traffic quiz

When driving in an active school zone, with school buses and kids in the area, you find yourself behind a cyclist. He is only going 35km/h in the marked 30km/h zone, and is riding in the middle of the lane (the other lane is for parking, and has cars and buses etc… along it). What do you do?

a) Realize that you are speeding, slow down to 30km/h, and continue as though nobody shat in your breakfast. Which is nice, because it’s a beautiful spring morning.

b) Honk. Swerve into oncoming traffic on this busy but narrow road. Accelerate to pass the cyclist. As you pass, roll down your window to exchange pleasantries with the cyclist.

In Calgary, the correct answer is b. It’s happened to me twice in just over 12 hours, and happens regularly.

mapping dangerous spots on a bike commute route

I just saw this amazing tool mentioned on BikeCalgary – an interactive map that lets you plot your bike commute route and then display bike-related incidents (I won’t call them accidents, because they’re not).

Turns out, my commuting route has only had 2 reported incidents in the last several years – both on a narrow stretch that causes me constant grief with drivers thinking they need to pass me even though it’s not safe to do so.

I had to fuss around with the map’s route plotting, because it doesn’t grok the pathway-road hybrid route. I don’t drive all wiggly like that, but I had to trick the map into getting the intersections I use…

Route mapping tools are available for Calgary, Vancouver, Toronto, Ottawa, Montreal and Halifax.

Update: I just realized there may be holes in the data – a friend of mine was hit while riding his bike at one of the major intersections on my route, but that doesn’t show up here. Not sure exactly where this data comes from – he was rushed to the hospital by ambulance, so there would be some record of the incident… (and his GPS tracker congratulated him on the record speed he got for his ride, as he was in the back of the ambulance…)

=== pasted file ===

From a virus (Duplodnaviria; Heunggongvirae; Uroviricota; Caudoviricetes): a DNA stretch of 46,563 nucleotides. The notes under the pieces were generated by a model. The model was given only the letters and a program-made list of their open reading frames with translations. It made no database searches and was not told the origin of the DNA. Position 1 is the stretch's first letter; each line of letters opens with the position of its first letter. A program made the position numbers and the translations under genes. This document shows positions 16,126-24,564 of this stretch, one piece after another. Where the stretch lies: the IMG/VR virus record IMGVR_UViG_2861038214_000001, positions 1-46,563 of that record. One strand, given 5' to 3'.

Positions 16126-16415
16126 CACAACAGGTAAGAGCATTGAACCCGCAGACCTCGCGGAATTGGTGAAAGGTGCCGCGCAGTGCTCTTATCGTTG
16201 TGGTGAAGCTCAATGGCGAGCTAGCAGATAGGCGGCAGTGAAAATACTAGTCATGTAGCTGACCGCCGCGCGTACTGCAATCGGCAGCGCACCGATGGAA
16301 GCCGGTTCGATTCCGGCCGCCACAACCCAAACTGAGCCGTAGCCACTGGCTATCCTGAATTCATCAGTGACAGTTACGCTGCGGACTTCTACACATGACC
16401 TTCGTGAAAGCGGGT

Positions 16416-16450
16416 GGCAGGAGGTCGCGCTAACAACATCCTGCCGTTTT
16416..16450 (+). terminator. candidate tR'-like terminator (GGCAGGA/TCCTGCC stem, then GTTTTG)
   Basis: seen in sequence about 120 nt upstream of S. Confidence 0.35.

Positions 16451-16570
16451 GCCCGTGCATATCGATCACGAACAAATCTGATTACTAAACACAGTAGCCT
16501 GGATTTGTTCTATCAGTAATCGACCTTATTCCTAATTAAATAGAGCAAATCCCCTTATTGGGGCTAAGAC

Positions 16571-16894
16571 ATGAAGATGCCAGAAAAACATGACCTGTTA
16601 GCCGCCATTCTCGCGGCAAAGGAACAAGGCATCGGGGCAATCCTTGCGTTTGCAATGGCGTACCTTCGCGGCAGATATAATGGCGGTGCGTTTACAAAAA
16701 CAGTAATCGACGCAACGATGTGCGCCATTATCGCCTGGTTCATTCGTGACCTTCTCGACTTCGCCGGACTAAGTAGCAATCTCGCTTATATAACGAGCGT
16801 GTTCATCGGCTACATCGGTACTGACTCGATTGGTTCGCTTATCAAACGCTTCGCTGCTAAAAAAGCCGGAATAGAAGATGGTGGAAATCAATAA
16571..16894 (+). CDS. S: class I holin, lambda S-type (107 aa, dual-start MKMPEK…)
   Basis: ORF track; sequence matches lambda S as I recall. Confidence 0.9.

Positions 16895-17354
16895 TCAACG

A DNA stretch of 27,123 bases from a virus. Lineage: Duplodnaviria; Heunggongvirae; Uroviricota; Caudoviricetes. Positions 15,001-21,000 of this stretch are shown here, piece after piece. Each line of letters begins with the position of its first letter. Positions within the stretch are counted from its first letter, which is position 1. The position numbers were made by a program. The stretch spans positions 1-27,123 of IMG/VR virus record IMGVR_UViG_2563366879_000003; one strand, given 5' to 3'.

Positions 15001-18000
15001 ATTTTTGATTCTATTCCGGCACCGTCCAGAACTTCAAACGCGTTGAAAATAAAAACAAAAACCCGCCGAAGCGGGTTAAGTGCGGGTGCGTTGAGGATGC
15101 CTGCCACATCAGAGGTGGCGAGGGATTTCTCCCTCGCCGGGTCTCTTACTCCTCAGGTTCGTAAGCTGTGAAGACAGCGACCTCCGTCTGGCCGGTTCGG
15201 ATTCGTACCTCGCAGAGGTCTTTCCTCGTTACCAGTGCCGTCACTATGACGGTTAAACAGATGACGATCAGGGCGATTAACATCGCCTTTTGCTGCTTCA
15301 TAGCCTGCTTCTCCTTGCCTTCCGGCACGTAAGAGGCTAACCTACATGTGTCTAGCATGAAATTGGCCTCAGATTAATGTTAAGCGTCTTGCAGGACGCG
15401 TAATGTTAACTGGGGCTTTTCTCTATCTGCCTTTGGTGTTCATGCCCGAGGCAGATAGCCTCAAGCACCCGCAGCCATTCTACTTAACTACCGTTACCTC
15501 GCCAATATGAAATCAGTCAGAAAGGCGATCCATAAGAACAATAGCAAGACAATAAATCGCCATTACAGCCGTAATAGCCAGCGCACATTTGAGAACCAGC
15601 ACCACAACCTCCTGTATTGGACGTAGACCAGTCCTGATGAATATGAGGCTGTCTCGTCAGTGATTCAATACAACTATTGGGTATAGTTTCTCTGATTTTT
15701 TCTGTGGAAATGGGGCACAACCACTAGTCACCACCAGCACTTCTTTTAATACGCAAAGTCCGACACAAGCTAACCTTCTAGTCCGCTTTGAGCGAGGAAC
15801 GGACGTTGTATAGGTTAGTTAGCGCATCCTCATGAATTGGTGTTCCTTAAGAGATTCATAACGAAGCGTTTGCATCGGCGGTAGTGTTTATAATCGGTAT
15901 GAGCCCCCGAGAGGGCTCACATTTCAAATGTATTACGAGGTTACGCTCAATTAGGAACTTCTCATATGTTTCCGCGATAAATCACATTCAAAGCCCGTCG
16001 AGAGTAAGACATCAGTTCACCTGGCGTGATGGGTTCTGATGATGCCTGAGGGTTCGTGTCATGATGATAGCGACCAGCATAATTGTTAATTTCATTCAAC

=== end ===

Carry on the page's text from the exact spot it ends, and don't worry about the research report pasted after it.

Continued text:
And, of course, these are just the reported incidents of injuries. There are several orders of magnitude more close calls that never get reported or recorded…

Update 2: Here’s a photo of that stretch of road. Doesn’t look dangerous, but it’s narrow, on a hill, with a corner at the bottom. Poor visibility, solid yellow line. Cars parked on both sides of the road. Often with big city buses coming in both directions as I come through here – they get to squeeze by. It’s a tight fit. Scary.

Silver Springs

Calgary speed limit translation


A public service, for those unfamiliar with the speed limit formula used in our city. The basic rule is:

  • left lane: as fast as possible (general rule of thumb is speed limit + 50%)
  • middle lane: speed limit + 25% or so (unless someone is in the left lane, then left lane formula applies)
  • right lane: speed limit + 10% or so, unless someone is in either lane to the left, when left lane formula applies.

You are also encouraged to go as fast as needed in order to pass anyone smaller or less expensive than you. This is especially important in playground and school zones.


2011-01-12 - crowfoot.jpg

crossing crowchild trail, before heading down to the train platform. I am so ready for the roads to clear just a little bit more, so I can get back on the bike…

I was going to delete the photo, but decided the grain and blur captured my morning mood better than a sharp and saturated frame from my DSLR would have. ugh.